What do think your clients want in a spa experience, and how as a company, do you meet those needs?

A. First of all, they want simplicity, meaning spa menus that they can understand and find what they want. All of our consumer research tells us that they do not like complicated and long-winded menus. Secondly, we offer a layered approach to wellness, where it is up to the guest to choose what they want from a spa experience. The more results they want, the more they have to invest themselves. For example, the first layer is “sensory,” and it is all about pleasure and relaxation, in which all guests need to do is show up. The second layer is about Exploring, which involves a level of more alternative therapies that require participation from guests, such as yoga, meditation, healing, advanced beauty, and fitness. The third layer is about Reconnection and involves more sophisticated treatments and individual programs delivered by experts, and from then on up it gets more advanced, where on the sixth layer, guests are actually the masters and the teachers.

 

How do you appeal to spa-goers from various cultures?

A. I think reconnection is something people want to do regardless of culture, and to relax and explore one’s wellbeing is something that we all are looking for these days. We see more and more that the luxury traveler wants to have authentic and tailored experiences, and this we offer in all our spas. Then, we respect different cultures and the way they spa, where some are very communal and others want complete gender-separated areas. We look carefully at our target market when we design a spa to cater to the various needs and wants.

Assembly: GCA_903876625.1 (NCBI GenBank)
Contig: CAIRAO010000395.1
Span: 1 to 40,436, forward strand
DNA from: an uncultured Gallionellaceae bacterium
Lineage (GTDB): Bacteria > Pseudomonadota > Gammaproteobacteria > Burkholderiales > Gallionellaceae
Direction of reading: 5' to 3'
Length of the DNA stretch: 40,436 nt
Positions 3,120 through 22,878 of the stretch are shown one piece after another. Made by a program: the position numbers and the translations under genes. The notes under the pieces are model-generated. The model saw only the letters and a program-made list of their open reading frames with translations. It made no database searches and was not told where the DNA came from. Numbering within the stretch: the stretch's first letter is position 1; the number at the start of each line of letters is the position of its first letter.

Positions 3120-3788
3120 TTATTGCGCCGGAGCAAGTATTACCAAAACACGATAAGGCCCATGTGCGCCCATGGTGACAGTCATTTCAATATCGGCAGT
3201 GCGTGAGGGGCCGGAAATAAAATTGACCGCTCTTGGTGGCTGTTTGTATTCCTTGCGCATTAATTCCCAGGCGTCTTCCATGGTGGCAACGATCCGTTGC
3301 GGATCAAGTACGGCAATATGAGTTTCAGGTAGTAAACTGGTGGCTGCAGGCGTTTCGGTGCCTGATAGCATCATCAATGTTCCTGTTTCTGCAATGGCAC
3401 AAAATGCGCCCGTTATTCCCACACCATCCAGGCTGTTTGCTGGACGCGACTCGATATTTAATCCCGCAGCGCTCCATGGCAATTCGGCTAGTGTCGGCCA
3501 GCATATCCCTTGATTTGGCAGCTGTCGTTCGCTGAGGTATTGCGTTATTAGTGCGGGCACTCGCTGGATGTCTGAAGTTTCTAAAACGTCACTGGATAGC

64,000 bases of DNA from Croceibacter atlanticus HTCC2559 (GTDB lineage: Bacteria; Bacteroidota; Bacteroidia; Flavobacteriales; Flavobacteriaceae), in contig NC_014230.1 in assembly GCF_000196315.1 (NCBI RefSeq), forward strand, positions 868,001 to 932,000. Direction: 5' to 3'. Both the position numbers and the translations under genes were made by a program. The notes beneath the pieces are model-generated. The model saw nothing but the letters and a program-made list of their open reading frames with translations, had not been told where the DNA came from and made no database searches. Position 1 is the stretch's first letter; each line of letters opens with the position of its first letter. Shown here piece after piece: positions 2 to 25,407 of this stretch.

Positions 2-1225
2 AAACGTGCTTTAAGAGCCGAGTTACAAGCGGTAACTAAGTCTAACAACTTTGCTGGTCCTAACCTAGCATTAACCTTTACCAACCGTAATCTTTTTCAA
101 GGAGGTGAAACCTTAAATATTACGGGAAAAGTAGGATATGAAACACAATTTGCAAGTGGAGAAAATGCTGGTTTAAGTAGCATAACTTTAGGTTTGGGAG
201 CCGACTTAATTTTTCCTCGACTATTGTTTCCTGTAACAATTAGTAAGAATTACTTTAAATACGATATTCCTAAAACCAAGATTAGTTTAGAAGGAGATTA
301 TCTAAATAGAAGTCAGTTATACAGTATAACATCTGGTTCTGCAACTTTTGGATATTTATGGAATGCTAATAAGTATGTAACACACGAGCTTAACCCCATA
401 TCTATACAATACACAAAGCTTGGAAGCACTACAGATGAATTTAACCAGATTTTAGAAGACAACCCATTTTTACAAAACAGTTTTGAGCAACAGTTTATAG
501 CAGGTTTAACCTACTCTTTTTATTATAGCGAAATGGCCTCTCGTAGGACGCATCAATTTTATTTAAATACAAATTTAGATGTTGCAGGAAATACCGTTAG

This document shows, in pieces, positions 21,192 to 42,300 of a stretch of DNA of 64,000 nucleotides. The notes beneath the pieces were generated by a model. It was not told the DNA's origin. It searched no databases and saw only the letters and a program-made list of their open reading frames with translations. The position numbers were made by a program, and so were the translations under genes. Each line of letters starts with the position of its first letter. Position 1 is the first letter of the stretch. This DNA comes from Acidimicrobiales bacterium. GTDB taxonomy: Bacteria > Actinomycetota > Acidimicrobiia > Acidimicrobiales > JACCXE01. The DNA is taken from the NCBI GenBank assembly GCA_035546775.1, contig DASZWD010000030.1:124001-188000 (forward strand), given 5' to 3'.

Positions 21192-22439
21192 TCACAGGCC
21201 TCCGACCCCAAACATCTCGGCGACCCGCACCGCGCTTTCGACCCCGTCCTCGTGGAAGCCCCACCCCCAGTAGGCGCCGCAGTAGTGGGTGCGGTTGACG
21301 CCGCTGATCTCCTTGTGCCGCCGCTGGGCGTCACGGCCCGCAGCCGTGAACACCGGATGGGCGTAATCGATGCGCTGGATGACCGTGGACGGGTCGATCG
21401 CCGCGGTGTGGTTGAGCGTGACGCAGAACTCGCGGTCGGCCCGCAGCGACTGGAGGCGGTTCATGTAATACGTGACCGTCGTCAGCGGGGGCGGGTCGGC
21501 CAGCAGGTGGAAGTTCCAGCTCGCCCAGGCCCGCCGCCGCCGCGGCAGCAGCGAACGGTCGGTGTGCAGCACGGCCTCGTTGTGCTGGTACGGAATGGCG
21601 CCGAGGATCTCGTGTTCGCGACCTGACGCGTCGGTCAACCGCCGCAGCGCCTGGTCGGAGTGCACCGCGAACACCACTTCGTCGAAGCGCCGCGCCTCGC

When it comes to menu development, do you offer certain treatments and experiences across the brand?

A. Yes, we have a set of core treatments. These are Holistic Massage, Deep Tissue, Detox Massage, Energizer (back, neck, and shoulder), and Head and Feet Massage. In addition, all our treatments start and end with singing bowls and sound healing, as this is found to greatly speed up the relaxation process. Last but not least, we have our yogic programs. Our beauty and body treatments depend on the product brand and where we have our Six Senses products. In the future, we will have one experienced health coach and an in-depth assessment using a number of technological devices in order for us to be able to offer advanced integrative wellness programs in all our spas.